One-stop shopping at Dutchess Marketplace
By Elizabeth Bengel
Quite some time has passed since the Dutchess Mall drew this kind of traffic on a Sunday afternoon. The attraction: the return of a flea market to 453 Route 9 in Fishkill – this time an indoor venture, occupying the 100,000 square feet of space formerly used by Jamesway department store.
Open Saturdays and Sundays, Dutchess Marketplace is a growing enterprise, with new vendors and bigger crowds surfacing each weekend. This Saturday marks the fourth weekend the Marketplace has been open to patrons. According to vendor Jill DeCrenza, a Dec. 14 snowstorm may have detracted from opening weekend, resulting in fewer visitors than anticipated; however, “[there’s been] a steady increase … word just needs to get out.” DeCrenza’s stand features unique jewelry, including necklaces made from bullet and shotgun shells and copper and brass charm rings, handmade by Jill D Designs.
Its mishmash of discount goods makes the Marketplace a hybrid shopping destination for a range of customers and their diverse needs, a la Walmart or Sam’s Club. There are booths offering just about anything, from medical scrubs to $1 paperback books and records to Avon makeup products. Action figures, art supplies and kitchenware hang from the walls, while bins of socks, belts and other accessories rest on the floor.
Bear Mountain Coffee Roasters, Hudson Valley Linens and Honeybrook Farms are among the local vendors that can be accessed every weekend. An array of additional cuisine includes Cheesecake Heaven; fresh Mexican; homemade Belgian waffles; Luigi’s infused olive oils, mozzarella, soppressata and pasta; and Senza Gluten, specializing in gluten-free delicacies, among others. Joseph D’esposito estimates about 200 vendors occupied the Marketplace in its third weekend – half the number of what it’s able to accommodate.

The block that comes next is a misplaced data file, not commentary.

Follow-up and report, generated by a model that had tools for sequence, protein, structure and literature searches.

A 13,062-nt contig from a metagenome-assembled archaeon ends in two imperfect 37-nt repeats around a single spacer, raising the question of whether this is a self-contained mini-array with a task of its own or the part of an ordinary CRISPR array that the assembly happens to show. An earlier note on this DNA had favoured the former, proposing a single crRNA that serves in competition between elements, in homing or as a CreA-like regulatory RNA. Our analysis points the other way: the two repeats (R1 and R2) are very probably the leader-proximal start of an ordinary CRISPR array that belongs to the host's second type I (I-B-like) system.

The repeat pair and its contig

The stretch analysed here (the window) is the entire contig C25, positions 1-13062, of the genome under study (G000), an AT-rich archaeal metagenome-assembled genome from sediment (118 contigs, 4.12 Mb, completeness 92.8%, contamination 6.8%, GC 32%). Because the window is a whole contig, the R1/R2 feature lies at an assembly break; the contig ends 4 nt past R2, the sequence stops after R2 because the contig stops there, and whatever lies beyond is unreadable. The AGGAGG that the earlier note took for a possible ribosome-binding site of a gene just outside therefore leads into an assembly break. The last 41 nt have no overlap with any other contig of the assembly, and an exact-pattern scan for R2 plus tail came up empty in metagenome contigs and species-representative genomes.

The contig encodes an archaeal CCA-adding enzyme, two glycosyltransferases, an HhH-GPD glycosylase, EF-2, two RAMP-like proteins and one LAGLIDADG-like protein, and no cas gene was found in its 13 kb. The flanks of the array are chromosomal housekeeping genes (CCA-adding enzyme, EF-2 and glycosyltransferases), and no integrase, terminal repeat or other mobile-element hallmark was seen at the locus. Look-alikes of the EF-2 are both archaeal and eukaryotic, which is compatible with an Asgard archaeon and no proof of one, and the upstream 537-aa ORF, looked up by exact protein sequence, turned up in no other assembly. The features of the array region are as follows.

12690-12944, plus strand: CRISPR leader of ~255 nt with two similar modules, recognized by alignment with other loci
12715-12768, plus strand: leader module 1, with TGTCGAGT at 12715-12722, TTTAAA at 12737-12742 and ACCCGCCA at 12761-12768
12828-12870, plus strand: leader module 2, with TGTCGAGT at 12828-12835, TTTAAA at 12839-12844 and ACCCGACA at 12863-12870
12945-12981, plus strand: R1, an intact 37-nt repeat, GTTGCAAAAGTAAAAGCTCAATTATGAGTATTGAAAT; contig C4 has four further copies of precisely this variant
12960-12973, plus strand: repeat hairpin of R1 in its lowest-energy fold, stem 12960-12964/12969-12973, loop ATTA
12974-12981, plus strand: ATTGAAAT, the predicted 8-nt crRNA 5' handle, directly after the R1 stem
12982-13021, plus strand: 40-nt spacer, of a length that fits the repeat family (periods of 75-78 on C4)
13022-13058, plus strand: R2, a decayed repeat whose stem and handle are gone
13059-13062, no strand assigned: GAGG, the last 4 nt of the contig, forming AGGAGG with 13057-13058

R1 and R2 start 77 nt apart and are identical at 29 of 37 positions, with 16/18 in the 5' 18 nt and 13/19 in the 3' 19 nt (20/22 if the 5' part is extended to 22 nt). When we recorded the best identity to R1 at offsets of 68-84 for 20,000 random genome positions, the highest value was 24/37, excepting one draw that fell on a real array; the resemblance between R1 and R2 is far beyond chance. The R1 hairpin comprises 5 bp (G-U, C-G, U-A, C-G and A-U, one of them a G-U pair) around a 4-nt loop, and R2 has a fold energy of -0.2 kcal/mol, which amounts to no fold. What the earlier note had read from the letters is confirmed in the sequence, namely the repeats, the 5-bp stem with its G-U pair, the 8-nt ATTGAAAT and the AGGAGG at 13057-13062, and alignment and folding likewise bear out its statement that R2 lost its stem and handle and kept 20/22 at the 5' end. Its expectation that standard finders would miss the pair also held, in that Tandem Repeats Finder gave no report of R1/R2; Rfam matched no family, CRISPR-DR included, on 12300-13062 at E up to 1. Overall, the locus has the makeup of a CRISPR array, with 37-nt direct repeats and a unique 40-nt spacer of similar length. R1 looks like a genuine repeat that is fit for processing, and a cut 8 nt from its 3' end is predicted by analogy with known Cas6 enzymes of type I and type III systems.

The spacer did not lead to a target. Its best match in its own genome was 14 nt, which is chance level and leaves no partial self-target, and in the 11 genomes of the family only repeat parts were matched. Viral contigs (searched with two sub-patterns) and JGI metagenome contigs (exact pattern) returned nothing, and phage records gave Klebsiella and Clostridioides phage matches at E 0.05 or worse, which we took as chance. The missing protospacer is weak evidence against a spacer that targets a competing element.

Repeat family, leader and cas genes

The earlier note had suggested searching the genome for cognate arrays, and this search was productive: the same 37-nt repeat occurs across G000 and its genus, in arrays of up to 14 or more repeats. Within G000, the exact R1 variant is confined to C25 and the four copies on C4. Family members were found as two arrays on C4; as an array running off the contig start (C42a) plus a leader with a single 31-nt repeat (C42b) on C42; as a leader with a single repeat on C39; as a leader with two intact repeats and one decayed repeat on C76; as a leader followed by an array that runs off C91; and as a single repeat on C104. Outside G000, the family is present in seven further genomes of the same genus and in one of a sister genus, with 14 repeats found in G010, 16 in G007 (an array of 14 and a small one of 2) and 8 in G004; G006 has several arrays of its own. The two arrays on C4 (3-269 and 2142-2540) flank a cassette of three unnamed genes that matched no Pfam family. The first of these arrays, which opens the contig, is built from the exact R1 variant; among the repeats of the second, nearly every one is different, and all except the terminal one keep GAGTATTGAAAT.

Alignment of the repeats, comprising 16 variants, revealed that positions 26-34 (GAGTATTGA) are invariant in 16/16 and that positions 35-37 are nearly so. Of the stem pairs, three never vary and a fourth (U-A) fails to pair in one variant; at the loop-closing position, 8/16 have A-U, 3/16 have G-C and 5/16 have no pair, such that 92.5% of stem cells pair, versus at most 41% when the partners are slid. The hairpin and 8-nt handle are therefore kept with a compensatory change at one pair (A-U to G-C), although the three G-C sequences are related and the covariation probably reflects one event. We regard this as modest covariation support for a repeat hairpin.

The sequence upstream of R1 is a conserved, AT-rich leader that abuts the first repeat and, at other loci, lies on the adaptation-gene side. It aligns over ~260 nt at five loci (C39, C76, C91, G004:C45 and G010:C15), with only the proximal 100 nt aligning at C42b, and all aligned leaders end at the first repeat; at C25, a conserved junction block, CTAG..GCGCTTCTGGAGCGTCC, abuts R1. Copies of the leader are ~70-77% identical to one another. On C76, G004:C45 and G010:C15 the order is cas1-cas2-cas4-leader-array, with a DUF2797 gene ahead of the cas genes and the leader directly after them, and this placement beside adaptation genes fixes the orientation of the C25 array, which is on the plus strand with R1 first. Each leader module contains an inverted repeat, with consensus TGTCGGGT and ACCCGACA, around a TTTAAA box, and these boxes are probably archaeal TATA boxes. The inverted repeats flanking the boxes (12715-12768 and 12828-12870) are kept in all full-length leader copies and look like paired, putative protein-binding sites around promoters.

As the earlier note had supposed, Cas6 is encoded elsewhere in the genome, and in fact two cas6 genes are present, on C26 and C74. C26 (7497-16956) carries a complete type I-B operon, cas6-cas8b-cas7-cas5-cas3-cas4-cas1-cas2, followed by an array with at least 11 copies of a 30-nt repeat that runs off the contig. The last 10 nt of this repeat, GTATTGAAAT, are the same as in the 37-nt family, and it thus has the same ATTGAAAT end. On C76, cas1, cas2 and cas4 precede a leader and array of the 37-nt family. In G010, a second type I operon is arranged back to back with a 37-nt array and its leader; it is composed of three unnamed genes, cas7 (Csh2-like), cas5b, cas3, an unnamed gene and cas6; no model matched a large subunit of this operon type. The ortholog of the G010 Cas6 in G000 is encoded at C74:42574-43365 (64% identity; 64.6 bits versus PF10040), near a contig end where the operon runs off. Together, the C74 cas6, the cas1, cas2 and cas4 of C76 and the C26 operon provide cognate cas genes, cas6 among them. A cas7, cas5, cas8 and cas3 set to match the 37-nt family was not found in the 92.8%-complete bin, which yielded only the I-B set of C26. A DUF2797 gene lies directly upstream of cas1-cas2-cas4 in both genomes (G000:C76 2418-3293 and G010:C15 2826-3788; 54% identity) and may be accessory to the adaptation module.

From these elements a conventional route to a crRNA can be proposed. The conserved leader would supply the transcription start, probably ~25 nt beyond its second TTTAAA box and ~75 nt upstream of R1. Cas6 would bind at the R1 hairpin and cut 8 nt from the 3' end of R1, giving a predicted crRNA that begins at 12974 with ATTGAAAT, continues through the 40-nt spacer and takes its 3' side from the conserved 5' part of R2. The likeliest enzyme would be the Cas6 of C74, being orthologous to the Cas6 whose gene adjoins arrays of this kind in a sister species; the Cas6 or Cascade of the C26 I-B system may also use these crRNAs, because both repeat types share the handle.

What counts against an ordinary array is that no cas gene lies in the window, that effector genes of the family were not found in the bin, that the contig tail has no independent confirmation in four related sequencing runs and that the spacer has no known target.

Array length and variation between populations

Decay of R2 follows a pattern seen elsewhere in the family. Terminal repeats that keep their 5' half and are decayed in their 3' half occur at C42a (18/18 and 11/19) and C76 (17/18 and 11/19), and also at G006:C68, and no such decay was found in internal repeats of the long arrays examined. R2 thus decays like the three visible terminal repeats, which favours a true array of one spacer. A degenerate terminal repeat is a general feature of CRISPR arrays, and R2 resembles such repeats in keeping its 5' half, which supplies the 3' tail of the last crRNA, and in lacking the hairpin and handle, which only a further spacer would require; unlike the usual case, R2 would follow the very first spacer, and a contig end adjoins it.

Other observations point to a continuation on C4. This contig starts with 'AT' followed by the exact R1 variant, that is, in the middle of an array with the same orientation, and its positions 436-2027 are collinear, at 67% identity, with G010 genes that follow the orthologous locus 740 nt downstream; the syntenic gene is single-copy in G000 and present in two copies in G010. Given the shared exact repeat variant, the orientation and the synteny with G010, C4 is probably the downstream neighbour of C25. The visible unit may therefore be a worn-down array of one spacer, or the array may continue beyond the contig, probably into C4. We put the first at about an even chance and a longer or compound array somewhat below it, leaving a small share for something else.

D’esposito’s kettle corn, made popular at local fairs and the Beacon Strawberry Festival, is cooked at his house and brought to the market each weekend. When spring arrives, he hopes to make the snack on-site, with help from his son and fellow business partner. D’esposito also mentioned the possibility of a car show that will take place outdoors, weather permitting.
Kathleen Caporrio of KZ’s Gift Shop is “very happy” with the progress she’s seen in the short period of time the Marketplace has been open. “I had a store and relocated … traffic here is great,” she said. Caporrio’s booth features seasonal, custom design decorations, including fiber optic Christmas trees and wreaths, animal print bags and delicate pixie dolls. To her fellow vendors, she offers this piece of advice: “It’s all how you present … the store has to look good if you want it to be successful.”
Perhaps most popular, based on word-of-mouth, is Gary’s Pickles stand, where one can taste “any two pickles for a dollar.” The man behind the booth, Barry, uses his own recipe to make the bread and butter, half sour and hot and spicy pickles – the three most popular options for sale. Twenty-eight years old, Gary’s Pickles has been selected “best pickles in the Hudson Valley,” according to its Facebook page, and, says Barry, is very popular among the youth: “Kids grow up on our pickles … they come home from college demanding more!”